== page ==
U.S. Apple Developers Can Now Offer Non-App Store Purchasing Option ⇥ macrumors.com
Juli Clover, MacRumors:
Apple is making major changes to its U.S. iOS App Store policies, and developers are now able to direct customers to a non-App Store purchasing option for digital goods. Apple is allowing apps to feature a single link to a developer website that leads to an in-app purchase alternative, but Apple plans to continue to collect a 12 to 27 percent commission on content bought this way.
Clover says it and Apple says it but I feel compelled to emphasize this one point: this is a U.S.-only capability. In the Netherlands, Apple permits dating apps — and only dating apps — to use a similar entitlement, or a different one that permits in-app purchases with another payment system. Soon, Apple will be enabling sideloading for E.U. users, a capability I could see coexisting with the Dutch entitlements, and it seems likely Japanese regulators could demand the same.
Developers sure will have a lot of paperwork to complete in the near future if they want to take advantage of these additional capabilities. Apple is creating this bureaucracy because it says this is how it gets paid to develop iOS; Judge Yvonne Gonzalez Rogers found, on page 114 of her decision (PDF) Apple’s arguments were “pretextual, but not to the exclusion of some measure of compensation”. I find that line questionable mainly because Apple has developed MacOS continuously for over twenty years without taking a commission on digital purchases. But who am I to question that?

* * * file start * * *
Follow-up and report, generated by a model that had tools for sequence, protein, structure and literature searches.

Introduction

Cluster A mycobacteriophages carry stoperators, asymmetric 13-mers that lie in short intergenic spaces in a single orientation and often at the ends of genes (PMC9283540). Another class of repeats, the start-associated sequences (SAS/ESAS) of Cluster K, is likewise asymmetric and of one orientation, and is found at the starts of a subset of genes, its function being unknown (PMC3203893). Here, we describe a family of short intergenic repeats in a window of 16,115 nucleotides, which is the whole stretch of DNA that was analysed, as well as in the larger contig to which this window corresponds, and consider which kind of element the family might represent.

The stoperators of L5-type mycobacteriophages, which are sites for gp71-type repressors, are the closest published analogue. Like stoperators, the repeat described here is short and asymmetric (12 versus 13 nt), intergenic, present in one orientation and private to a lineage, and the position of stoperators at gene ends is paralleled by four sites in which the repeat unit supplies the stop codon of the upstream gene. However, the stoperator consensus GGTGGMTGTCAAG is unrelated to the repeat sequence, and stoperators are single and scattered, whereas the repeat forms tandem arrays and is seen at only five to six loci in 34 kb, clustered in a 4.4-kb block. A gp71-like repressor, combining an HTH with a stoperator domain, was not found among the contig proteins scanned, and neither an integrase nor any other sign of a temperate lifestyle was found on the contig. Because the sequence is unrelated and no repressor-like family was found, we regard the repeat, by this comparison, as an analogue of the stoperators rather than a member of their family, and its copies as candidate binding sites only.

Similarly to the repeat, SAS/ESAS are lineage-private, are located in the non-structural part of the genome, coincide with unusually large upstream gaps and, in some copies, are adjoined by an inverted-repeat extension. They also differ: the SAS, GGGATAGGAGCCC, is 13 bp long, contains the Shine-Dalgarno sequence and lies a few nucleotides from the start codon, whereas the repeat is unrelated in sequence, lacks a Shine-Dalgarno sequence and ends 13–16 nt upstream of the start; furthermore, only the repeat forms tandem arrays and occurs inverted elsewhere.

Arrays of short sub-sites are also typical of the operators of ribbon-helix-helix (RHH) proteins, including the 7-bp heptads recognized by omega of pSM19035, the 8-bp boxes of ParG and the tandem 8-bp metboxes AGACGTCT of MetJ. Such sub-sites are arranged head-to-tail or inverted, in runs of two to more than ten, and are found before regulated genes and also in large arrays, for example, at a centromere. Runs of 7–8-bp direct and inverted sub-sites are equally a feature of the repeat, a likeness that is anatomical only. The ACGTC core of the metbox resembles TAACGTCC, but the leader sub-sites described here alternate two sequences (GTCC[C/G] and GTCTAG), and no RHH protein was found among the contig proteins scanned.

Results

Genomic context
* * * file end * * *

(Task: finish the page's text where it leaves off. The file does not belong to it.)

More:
I do believe the App Store costs money to run and, also, that Apple would like to make it profitable. In addition to a payment infrastructure, Apple pays for hosting, marketing, DRM — whether developers want it or not — and developer events in-person and online. I do not know if this costs anywhere close to its App Store revenue and I question the merits of it, but this argument seems like a nominally defensible, though not P.R.-friendly, justification for a commission if these are the terms by which the App Store will operate. (Judge Rogers came to more-or-less the same conclusion.)
The snag is that Apple needs to make the App Store uncompetitive by design because no third-party app distribution platform would have extra costs. I think I would prefer if the App Store needed to compete on its own merits, but it could mean other knock-on effects. Maybe Apple would charge separately for all of the other developer programme features, for example, or increase the price of a developer membership.
In the interim, this is the messy system we have. Instead of one App Store around the world — with minor asterisks — there will now be different permissions depending on which geographically-restricted features a developer chooses to use. And Apple has created a bureaucracy to ensure it captures all the money it believes and has argued it is owed. Many developers would be right to question that, but should not be surprised when E.U. sideloading rules are similarly un-Mac-like.